Ahrazem, O., Ibáñez, M. D., López-Torrejón, G., Sánchez-Monge, R., Sastre, J., Lombardero, M., Barber, D., & Salcedo, G. (2005). Lipid transfer proteins and allergy to oranges. International Archives of Allergy and Immunology, 137(3), 201-10.
Ahrazem O, et al. Lipid Transfer Proteins and Allergy to Oranges. Int Arch Allergy Immunol. 2005;137(3):201-10. PubMed PMID: 15947476.
* Article titles in AMA citation format should be in sentence-case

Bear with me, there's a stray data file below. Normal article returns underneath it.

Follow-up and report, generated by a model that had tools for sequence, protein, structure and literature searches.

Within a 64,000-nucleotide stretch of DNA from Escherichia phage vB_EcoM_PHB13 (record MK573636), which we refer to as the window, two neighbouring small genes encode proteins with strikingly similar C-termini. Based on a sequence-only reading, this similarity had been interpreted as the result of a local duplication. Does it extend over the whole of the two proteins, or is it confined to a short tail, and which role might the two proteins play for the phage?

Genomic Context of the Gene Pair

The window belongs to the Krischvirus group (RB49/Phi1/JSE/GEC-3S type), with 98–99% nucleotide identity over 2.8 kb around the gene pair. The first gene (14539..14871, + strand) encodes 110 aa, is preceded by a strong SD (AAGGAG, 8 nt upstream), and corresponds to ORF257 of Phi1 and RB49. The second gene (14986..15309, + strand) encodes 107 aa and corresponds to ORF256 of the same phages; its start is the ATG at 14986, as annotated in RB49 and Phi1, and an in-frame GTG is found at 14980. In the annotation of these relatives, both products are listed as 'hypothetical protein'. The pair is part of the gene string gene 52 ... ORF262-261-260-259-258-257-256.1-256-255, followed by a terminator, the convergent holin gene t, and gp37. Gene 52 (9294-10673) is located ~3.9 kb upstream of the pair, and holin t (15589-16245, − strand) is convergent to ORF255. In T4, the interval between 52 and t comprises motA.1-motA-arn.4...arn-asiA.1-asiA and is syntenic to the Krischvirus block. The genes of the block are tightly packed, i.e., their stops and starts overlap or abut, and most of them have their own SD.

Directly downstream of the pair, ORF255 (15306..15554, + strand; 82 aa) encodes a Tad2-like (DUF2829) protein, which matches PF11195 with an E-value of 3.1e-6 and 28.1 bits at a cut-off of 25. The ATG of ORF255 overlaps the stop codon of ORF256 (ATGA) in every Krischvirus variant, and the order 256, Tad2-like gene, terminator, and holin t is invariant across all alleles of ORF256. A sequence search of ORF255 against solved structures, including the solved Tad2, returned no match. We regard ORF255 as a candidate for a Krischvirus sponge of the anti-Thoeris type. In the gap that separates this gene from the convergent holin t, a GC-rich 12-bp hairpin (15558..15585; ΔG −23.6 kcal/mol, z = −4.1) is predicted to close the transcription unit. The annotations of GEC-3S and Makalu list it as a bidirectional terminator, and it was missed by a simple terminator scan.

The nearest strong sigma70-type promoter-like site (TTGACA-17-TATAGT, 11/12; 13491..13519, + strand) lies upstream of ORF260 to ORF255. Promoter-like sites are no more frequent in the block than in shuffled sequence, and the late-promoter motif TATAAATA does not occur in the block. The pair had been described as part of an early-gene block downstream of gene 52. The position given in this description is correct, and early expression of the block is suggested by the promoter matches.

TY - JOUR T1 - Lipid transfer proteins and allergy to oranges. AU - Ahrazem,Oussama, AU - Ibáñez,M Dolores, AU - López-Torrejón,Gema, AU - Sánchez-Monge,Rosa, AU - Sastre,Joaquin, AU - Lombardero,Manuel, AU - Barber,Domingo, AU - Salcedo,Gabriel, Y1 - 2005/06/09/ PY - 2004/12/14/received PY - 2005/03/02/accepted PY - 2005/6/11/pubmed PY - 2005/8/10/medline PY - 2005/6/11/entrez SP - 201 EP - 10 JF - International archives of allergy and immunology JO - Int Arch Allergy Immunol VL - 137 IS - 3 N2 - BACKGROUND: Lipid transfer proteins (LTPs) are relevant fruit allergens, recently proposed as model plant food allergens. No citrus fruit allergen has been characterized to date. We sought to identify and isolate citrus fruit LTPs and to explore their relevance in orange allergy. METHODS: Twenty-seven patients, showing mainly oral allergy syndrome after orange ingestion, as well as positive prick responses and serum-specific IgE levels to orange, were selected. Natural orange and lemon LTPs, as well as a recombinant orange LTP isoform expressed in Pichia pastoris, were isolated by chromatographic methods and characterized by N-terminal amino acid sequencing and matrix-assisted laser desorption/ionizaion mass spectrometry, and DNA sequencing of the corresponding cDNA in the case of the recombinant allergen. Specific IgE determination, immunodetection, ELISA-inhibition assays and in vivo skin prick tests (SPTs) were performed with all three purified allergens and with the major peach LTP allergen, Pru p 3. RESULTS: The natural allergens purified from orange (nCit s 3) and lemon (nCit l 3) showed very similar N-terminal amino acid sequences (18 out of 20 identical residues), typical of LTPs, and molecular masses of 9,610 and 9,618 Da, respectively. The recombinant orange isoform (rCit s 3) expressed in P. pastoris (16 out of 20 residues identical to its natural counterpart in the N-terminal region) presented 92 amino acid residues and 9,463 Da, and 67% sequence identity with rPru p 3. Of the 27 sera analyzed, specific IgE to the purified allergens was found in 54% for nCit l 3, 48% for nCit s 3, 46% for rCit s 3 and 37% for rPru p 3. Positive SPT responses were obtained in 7 out of 26 patients tested for nCit s 3, 3 out of 8 for nCit l 3 and 10 out of 26 for nPru p 3. ELISA-inhibition assays showed an equivalent IgE-binding pattern for the natural and recombinant orange LTPs, and IgE cross-reactivity among the purified orange, lemon and peach LTP allergens. CONCLUSIONS: Members of the LTP allergen family are involved in allergy to oranges, displaying positive in vitro and in vivo reactions in 30-50% of the patients studied. Both orange and lemon allergens show cross-reactivity with the major peach allergen Pru p 3. SN - 1018-2438 UR - https://www.unboundmedicine.com/medline/citation/15947476/Lipid_transfer_proteins_and_allergy_to_oranges_ L2 - https://www.karger.com?DOI=10.1159/000086332 DB - PRIME DP - Unbound Medicine ER -